1. Short, Nancy DrPH, MBA, RN

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After almost 30 years as an RN and nursing school professor, I had the chance to spend a year as a health policy fellow on Capitol Hill. Having earned a doctorate in public health, concentrating on policy and administration, I wanted to see firsthand how ideas make it to Congress and move through the legislative process to become policy or law. The fellowship was in many respects a life-changing experience-and allowed me to contribute the often overlooked perspective of nurses to the policy-making process.


One of six Robert Wood Johnson Foundation health policy fellows selected for 2004-2005, I was the only nurse, and only the ninth nurse to be selected since the program's inception in 1973. My fellowship began in September 2004 with a 10-week orientation designed to acquaint fellows with the legislative aspects of policy development. I met numerous government officials, analysts, advocates for various interest groups, health care futurists, researchers, and representatives of health care philanthropies and the media. The orientation process fulfilled my objective of building relationships with decision makers and opinion leaders.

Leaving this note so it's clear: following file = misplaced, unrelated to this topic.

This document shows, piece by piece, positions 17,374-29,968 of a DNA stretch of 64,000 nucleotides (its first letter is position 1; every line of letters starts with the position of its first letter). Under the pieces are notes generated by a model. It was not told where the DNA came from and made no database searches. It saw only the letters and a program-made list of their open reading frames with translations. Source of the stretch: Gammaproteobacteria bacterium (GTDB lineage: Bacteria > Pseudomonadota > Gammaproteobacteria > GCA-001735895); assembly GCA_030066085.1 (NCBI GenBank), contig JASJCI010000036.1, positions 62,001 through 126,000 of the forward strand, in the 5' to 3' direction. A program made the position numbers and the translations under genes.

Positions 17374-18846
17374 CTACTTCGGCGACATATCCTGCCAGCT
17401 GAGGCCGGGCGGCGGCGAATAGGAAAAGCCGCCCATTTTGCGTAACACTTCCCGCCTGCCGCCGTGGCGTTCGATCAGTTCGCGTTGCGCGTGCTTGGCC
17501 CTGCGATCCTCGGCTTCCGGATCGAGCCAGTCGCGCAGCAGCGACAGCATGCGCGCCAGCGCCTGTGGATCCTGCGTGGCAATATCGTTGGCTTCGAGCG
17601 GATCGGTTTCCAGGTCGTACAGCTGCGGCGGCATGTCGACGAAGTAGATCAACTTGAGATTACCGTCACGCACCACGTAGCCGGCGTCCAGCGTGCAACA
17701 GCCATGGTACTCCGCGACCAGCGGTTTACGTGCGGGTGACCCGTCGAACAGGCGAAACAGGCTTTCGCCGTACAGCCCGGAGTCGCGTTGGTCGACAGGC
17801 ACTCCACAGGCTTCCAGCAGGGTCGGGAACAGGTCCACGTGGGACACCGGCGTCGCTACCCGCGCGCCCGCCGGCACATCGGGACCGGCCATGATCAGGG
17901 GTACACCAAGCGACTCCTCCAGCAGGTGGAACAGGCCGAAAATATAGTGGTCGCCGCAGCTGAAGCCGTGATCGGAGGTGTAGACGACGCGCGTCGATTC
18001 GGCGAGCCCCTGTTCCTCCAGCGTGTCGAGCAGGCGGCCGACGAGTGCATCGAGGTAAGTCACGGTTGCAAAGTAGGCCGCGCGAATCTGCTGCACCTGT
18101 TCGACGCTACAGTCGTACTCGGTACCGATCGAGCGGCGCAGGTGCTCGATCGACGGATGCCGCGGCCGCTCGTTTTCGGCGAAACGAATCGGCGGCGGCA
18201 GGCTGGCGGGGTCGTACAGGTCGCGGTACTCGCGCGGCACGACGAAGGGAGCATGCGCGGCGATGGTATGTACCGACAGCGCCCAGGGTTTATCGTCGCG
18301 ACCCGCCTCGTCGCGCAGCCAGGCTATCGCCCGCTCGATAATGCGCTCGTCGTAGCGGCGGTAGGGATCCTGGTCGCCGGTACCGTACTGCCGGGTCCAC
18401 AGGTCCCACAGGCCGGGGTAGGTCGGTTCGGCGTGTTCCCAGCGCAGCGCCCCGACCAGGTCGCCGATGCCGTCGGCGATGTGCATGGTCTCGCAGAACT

After the orientation, fellows go on a series of two-way interviews with various congressional offices. I found a good fit with the office of U.S. Senator Bill Frist (R-TN). Because of his position as majority leader, I'd learn how the nation's health policy agenda is set. And because he was a physician, I'd be working for one of Congress's health care experts.